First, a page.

Digital transformation is all about working backward from the business problem, then mapping the appropriate art of the possible collection of technologies to that business problem.
A cornerstone concept in digital transformation is the term “digital twin.” A digital twin is a digital replica of a real system or asset. All information and history that exists about the real asset, exists in the digital twin. This replica creates a safe test environment for your company.
While making one adjustment that will exponentially increase your organization’s economic value seems ideal, the reality is that it usually takes a series of interventions working symbiotically for overall economic value generation. This is why a digital twin is incredibly advantageous.
The digital twin allows you to stress test your strategies. You can create an environment where experimentation is encouraged and facilitated. Take theories about the business and apply them in the digital twin. Aim for a strategy that holds up against a wide variety of situations, even those unprecedented.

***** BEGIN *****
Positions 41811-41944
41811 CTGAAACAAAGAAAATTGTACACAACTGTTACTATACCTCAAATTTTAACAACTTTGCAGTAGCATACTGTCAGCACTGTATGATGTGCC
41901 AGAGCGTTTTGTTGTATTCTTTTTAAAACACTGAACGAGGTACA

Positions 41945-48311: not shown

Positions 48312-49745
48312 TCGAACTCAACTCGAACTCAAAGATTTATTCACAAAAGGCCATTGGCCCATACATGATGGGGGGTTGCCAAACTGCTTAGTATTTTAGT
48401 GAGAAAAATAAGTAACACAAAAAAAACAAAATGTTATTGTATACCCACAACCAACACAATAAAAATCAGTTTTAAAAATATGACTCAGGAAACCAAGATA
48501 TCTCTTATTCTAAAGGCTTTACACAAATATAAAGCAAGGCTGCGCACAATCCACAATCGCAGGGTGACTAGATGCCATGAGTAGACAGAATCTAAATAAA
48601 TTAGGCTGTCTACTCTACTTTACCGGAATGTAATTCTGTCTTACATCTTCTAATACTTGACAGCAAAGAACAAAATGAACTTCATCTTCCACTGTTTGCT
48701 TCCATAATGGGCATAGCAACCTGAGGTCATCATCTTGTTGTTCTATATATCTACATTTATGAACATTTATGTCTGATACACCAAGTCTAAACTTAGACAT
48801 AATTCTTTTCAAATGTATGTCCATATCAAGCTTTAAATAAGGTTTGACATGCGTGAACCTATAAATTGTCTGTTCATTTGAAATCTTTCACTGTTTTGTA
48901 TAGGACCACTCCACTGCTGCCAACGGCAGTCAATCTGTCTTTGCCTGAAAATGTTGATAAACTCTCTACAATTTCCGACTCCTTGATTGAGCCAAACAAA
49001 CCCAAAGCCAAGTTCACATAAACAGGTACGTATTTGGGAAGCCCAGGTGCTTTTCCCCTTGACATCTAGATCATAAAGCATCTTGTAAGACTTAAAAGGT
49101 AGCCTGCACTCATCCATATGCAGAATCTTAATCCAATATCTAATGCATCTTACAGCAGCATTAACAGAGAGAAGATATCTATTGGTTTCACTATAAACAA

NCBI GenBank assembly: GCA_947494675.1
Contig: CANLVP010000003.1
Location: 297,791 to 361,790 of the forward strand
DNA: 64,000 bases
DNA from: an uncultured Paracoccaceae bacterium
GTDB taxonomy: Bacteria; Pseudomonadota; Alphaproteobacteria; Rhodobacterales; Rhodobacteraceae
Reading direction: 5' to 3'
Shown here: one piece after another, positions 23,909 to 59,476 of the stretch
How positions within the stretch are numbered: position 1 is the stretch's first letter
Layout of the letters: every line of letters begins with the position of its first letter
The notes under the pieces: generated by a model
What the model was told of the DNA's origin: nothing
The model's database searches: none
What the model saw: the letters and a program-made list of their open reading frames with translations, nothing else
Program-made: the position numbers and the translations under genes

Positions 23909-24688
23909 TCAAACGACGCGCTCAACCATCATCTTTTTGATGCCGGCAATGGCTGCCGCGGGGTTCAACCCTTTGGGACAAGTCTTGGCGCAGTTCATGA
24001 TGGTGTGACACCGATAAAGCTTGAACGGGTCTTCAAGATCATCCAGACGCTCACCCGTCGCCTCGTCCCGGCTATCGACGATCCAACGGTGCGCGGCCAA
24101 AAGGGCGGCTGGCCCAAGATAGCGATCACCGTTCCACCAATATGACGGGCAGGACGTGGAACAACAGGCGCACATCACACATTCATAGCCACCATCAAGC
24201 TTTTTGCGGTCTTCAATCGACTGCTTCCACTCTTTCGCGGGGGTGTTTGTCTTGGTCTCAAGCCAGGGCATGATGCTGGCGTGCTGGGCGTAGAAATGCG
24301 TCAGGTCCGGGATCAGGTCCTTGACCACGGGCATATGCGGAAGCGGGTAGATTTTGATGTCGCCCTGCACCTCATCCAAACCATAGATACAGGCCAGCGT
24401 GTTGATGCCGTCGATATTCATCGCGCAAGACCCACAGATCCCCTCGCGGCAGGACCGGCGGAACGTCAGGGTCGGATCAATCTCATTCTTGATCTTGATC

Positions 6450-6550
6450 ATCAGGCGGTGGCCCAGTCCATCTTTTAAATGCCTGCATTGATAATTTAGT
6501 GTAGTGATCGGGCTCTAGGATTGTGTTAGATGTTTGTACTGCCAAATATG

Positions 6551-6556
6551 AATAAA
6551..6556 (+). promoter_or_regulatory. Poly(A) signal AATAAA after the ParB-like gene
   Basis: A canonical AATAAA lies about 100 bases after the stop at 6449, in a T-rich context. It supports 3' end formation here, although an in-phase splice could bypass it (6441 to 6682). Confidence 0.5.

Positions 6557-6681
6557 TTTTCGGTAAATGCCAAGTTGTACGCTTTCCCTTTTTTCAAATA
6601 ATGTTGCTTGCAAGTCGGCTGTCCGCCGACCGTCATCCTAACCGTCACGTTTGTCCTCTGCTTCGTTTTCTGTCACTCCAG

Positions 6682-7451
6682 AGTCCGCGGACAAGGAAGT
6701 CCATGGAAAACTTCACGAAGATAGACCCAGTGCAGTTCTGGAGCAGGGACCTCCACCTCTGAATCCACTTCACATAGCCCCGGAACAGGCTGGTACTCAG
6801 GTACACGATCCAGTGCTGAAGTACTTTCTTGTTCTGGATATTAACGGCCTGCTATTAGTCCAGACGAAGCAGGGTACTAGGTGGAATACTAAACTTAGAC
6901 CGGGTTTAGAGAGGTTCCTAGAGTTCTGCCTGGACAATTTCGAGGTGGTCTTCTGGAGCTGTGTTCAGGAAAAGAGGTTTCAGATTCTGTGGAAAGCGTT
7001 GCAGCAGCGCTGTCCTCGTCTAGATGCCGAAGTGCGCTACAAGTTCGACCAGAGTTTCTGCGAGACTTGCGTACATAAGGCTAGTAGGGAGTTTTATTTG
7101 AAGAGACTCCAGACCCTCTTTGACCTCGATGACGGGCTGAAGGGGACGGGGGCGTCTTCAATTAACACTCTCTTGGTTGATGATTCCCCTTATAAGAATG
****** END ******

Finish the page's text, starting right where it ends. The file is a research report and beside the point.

The process for automating large scale systems and creating digital transformations is laid out in detail in Danner’s book The Executive’s How-To Guide to Automation. This is the outline:
- Create a hypothesis. This is your goal for automation. Taking time to clearly and succinctly elaborate the hypothesis will pay off in downstream benefits.
- Through a process of modeling (detailed in Danner’s books, Profit from Science & The Executive’s How-To Guide to Automation), create a digital twin.
- As you are building out the digital twin, a group of function maps will emerge. These functions can be carried out by humans, machines, or computation. All of these are documented.
- From interacting with function maps and subject matter experts, create an inventory of algorithms in use related to the physical asset. This documentation is the intellectual property of the firm. How you do something and why you do it should be put on a piece of paper to create value and continuity for the company.
- Simulate automation in stages.
- Implement automation.
- Repeat steps 4 and 5 until full automation is reached (the ultimate economic prize).